As hundreds of NASCAR fans streamed into the Georgia Racing Hall of Fame in Dawsonville on Wednesday, Atlanta Motor Speedway President Brandon Hutchison introduced a special guest of honor to kick off the racetrack’s 60th anniversary celebration.
“There is no name in Georgia that is synonymous with racing like the Elliott’s,” Hutchinson said. “It all started with (Chase’s) grandfather George Elliot, but has continued on with names like Bill, Dan, Ernie, Casey, and now Chase.”
Chase Elliott, a Dawsonville native, spoke with media members at the event after unveiling a new pace car to be used at Atlanta Motor Speedway next month. Afterward, fans rushed into the building, hoping to get an autograph from NASCAR’s two-time Most Popular Driver.
But for Elliott and the stock-car community, the Cup Series season got off to a somber start Monday at the Daytona 500. On the final lap in a tightly contested race, Ryan Newman’s car was flipped near the finish line, turning into one of the more frightening crashes the sport had seen in more than a decade. Newman spent Tuesday in a Daytona Beach hospital and was released Wednesday afternoon.
Like many of his fellow drivers, Elliot reflected on what the crash meant for the larger sport.
“First off, I’m just glad to see the good news (about Newman) coming from down there, that’s No. 1,” Elliott said. “I think us drivers all take for granted sometimes that it’s still dangerous no matter how much safety advancement has been made. You put a car in the right situation with the right circumstance, and it can be bad. That’s what we saw Monday night. I don’t care how safe you make them, it’s always going to be a dangerous thing.”
Elliott himself crashed earlier on the final lap of NASCAR’s overtime format, eventually finishing 17th, despite winning the first 65-lap stage of the race. Because of his own wreck, the 24-year-old driver had little knowledge of what had happened to Newman’s car until after he had gotten back to his crew.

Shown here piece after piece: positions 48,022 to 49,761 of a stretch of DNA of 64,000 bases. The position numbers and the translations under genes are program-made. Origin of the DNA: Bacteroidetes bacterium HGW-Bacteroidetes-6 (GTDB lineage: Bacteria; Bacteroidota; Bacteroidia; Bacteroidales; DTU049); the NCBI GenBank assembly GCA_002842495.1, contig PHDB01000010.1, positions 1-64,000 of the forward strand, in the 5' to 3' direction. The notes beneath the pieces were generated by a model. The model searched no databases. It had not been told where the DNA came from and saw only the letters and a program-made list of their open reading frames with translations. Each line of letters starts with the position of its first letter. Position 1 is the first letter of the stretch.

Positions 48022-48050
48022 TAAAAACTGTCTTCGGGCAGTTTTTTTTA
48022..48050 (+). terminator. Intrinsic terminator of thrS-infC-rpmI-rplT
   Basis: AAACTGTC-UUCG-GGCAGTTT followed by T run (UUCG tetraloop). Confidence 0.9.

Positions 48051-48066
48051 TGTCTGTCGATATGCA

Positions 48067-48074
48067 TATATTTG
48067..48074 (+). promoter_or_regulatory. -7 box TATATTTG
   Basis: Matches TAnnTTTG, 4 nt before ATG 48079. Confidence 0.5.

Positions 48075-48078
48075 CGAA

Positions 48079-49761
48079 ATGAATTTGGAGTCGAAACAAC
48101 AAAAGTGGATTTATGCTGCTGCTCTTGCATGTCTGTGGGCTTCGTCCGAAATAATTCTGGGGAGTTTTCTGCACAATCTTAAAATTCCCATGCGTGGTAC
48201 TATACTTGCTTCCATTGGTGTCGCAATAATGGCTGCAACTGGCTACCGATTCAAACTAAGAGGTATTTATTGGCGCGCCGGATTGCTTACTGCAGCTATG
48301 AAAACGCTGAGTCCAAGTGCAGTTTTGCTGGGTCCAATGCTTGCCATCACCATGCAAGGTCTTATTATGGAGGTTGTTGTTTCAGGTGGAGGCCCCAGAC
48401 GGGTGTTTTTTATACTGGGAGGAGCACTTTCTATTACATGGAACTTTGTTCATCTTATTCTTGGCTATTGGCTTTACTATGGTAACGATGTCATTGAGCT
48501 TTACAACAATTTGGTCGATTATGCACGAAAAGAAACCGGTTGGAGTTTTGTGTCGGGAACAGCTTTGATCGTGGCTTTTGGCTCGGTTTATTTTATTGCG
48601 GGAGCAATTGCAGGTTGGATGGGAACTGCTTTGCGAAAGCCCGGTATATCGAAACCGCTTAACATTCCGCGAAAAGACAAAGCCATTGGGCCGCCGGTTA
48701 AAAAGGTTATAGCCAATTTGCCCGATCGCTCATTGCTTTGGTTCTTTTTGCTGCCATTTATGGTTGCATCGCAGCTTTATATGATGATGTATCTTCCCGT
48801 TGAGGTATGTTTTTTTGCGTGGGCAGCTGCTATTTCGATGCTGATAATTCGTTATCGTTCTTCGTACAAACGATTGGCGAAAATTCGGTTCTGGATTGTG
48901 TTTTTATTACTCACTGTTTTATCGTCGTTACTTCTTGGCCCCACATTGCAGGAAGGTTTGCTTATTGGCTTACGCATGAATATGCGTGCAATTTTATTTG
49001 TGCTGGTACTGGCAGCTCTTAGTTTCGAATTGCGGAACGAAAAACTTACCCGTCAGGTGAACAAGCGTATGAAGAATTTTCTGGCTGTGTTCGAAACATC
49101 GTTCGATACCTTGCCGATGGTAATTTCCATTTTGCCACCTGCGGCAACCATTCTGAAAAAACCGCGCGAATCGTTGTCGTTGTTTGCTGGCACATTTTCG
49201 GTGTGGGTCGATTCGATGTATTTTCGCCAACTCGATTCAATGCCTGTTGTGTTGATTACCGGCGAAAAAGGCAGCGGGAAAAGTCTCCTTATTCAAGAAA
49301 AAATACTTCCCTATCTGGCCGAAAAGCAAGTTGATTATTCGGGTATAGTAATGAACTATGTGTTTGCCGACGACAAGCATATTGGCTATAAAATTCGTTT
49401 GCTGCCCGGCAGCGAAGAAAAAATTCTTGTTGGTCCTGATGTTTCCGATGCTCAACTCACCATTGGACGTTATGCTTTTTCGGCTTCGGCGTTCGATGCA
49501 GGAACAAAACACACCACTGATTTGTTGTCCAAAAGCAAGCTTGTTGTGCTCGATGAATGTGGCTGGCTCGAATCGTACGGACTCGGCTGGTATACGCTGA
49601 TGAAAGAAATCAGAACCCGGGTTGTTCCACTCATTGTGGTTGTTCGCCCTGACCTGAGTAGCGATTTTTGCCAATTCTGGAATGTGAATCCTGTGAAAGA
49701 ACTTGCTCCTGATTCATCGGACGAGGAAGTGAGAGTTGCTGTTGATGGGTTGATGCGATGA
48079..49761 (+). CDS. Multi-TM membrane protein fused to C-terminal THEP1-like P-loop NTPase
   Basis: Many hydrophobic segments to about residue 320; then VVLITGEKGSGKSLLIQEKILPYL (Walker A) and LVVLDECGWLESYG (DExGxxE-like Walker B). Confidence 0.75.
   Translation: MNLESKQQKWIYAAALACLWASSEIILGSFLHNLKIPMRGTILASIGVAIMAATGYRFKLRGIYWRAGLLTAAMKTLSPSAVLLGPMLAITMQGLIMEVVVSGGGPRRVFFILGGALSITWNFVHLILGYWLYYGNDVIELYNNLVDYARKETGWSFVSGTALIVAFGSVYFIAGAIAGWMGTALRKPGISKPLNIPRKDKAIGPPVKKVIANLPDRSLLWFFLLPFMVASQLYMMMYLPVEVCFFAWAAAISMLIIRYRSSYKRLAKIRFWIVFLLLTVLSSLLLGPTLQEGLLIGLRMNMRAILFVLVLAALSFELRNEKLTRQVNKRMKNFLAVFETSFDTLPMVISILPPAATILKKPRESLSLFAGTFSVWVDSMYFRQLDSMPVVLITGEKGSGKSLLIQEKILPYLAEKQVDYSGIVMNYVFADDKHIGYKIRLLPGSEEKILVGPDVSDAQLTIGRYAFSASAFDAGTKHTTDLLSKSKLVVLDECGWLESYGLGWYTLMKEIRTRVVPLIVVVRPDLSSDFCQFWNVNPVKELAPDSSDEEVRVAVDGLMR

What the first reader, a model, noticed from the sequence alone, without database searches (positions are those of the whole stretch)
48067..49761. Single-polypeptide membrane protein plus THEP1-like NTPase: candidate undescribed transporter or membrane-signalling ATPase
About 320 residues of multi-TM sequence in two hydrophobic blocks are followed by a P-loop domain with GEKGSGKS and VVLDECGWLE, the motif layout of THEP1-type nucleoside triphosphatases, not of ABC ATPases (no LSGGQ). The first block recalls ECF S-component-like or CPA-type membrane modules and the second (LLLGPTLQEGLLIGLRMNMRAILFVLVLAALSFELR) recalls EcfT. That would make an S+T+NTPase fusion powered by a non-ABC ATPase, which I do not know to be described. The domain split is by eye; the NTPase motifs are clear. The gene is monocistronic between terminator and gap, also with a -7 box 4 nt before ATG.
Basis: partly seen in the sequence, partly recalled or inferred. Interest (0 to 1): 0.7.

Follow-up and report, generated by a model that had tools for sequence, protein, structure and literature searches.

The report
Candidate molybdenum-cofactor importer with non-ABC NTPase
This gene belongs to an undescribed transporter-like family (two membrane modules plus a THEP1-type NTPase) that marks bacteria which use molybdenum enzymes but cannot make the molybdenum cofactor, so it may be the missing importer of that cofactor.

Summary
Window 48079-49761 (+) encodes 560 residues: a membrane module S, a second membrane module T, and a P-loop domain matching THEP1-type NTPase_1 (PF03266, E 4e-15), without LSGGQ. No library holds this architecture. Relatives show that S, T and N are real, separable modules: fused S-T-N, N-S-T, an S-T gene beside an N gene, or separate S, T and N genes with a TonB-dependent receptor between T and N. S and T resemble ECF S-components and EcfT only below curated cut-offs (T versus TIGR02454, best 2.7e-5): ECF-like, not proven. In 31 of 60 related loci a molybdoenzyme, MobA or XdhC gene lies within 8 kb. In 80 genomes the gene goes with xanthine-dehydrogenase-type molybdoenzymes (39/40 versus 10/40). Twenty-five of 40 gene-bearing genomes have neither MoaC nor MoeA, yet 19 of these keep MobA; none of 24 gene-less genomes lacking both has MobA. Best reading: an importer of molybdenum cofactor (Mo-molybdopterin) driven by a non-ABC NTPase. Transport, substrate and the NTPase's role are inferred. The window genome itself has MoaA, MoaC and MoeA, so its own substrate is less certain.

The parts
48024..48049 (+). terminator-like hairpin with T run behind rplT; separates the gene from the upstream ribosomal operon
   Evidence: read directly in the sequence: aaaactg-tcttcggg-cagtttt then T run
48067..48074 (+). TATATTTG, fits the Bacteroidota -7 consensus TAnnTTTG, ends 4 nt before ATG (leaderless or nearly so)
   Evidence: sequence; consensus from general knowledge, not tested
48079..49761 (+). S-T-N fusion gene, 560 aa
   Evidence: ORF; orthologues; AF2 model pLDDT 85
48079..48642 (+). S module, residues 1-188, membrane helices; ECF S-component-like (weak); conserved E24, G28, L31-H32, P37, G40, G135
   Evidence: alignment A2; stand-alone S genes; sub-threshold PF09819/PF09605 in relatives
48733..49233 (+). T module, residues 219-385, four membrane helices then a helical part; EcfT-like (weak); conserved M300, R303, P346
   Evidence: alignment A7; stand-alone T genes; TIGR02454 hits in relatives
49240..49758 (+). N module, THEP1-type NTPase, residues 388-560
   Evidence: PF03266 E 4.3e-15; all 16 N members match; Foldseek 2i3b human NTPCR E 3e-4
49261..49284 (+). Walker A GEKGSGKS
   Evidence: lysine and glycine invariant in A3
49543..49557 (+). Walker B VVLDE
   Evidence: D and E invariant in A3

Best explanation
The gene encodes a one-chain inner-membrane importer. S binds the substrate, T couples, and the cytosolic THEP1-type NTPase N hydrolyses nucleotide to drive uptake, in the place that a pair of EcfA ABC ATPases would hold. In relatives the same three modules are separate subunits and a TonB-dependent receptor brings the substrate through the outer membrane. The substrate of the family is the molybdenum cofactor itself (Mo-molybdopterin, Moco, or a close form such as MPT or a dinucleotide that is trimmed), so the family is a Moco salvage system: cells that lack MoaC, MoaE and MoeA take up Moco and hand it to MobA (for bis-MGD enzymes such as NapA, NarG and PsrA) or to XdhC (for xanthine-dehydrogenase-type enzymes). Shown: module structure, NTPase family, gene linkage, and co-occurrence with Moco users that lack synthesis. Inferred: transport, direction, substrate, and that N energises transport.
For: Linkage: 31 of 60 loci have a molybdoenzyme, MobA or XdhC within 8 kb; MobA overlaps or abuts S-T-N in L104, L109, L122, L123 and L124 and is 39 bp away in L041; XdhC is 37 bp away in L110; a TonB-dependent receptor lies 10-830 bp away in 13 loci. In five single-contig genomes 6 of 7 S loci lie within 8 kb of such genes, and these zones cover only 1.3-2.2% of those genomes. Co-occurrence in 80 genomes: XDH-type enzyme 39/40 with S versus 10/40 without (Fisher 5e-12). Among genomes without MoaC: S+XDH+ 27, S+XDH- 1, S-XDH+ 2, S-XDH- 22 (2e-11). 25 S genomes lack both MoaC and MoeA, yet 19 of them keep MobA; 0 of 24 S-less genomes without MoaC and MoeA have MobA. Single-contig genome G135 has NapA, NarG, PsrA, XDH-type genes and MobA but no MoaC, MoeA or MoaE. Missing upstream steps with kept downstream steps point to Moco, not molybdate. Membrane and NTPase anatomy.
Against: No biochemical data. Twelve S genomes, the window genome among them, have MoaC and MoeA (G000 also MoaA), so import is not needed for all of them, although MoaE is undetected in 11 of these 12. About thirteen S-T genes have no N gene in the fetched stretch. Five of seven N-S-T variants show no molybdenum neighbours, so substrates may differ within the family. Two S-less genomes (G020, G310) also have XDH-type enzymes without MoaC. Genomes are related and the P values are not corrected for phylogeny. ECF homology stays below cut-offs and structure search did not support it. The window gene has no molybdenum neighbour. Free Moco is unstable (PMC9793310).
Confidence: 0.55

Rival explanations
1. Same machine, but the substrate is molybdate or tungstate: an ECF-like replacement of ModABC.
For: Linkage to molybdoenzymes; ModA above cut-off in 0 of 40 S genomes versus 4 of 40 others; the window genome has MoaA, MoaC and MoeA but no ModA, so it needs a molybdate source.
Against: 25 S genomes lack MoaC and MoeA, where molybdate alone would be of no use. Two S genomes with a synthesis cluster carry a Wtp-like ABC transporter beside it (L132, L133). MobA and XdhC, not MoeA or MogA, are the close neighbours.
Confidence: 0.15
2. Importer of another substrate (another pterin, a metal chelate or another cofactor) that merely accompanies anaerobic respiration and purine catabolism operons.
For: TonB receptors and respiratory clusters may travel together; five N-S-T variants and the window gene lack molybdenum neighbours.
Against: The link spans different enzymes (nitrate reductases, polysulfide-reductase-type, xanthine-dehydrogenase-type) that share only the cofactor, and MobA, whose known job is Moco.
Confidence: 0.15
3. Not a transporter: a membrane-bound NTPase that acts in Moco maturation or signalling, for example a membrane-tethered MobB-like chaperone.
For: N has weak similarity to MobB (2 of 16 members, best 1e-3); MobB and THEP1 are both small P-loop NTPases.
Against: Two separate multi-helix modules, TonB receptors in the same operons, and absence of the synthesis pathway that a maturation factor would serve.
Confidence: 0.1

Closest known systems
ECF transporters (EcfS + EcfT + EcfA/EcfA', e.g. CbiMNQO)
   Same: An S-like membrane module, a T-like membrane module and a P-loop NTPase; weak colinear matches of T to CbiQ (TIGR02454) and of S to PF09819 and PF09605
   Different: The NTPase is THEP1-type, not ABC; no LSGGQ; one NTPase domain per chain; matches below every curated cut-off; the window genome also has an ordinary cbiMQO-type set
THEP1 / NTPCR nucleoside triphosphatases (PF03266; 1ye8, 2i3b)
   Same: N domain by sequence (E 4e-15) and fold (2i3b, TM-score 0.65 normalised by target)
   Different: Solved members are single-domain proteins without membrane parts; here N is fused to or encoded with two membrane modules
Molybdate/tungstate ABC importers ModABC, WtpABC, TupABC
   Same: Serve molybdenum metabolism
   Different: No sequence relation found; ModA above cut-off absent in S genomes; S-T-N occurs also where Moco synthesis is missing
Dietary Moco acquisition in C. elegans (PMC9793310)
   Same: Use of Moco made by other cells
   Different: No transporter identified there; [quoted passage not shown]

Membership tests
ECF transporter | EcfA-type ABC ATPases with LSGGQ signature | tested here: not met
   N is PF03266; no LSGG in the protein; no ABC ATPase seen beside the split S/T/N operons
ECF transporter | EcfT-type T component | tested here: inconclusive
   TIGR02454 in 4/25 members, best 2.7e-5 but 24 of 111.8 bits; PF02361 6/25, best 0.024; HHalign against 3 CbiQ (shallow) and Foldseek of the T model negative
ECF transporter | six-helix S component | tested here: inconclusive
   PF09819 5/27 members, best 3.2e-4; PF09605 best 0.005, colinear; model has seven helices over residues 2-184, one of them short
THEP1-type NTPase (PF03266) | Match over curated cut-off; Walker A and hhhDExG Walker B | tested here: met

“I wasn’t really aware,” Elliott said. “I knew there was a lot of medical attention being given to a car, but I didn’t who it was at the time. I kind of caught wind about what was going on, and they said they were being really cautious with the situation, and rightfully so.
“You never know in that kind of spot what’s going on or how bad a guy is hurt. I’m glad everyone did their job, and it seems like everything went as good as it could have. … It’s a big deal to be able (for a driver) to go home the same week after a wreck like that.”
As for Elliott’s own performance Monday, his 17th-place finish marked his second-best finish in the sport’s most coveted competition. The Dawsonville native crashed in both Daytona 500 races over the past two years, making his finish Monday a small positive, amid the disastrous last lap.
“Well as history has it, I typically crash down (at Daytona),” Elliott said. “So, I’ll take those small victories. We’ll take it a stage at a time.”
As for the remainder of the new season, Elliott is poised to rank among the sport’s best once again. The driver of the No. 9 Chevrolet has finished in the top 10 in each of the four full seasons he’s participated, in addition to following in his father, Bill’s, footsteps, by being named NASCAR’s Most Popular Driver in each of the past two years. Even with his ever-growing popularity and on-track performance, Elliott recognizes how far he has to go.
“You always have goals, and you always want to do better than you did last year and move forward,” Elliott said. “I think we’ve been really close to being among those top five or six teams. I don’t think we’re there yet, but I think we’ve been one of those top teams on the outside of that bubble looking in. We just have to assert ourselves in that group. …”
“The goal is just trying to put yourself in a position to make that final four. Winning and winning consistently is going to open a lot of doors as time goes on.”
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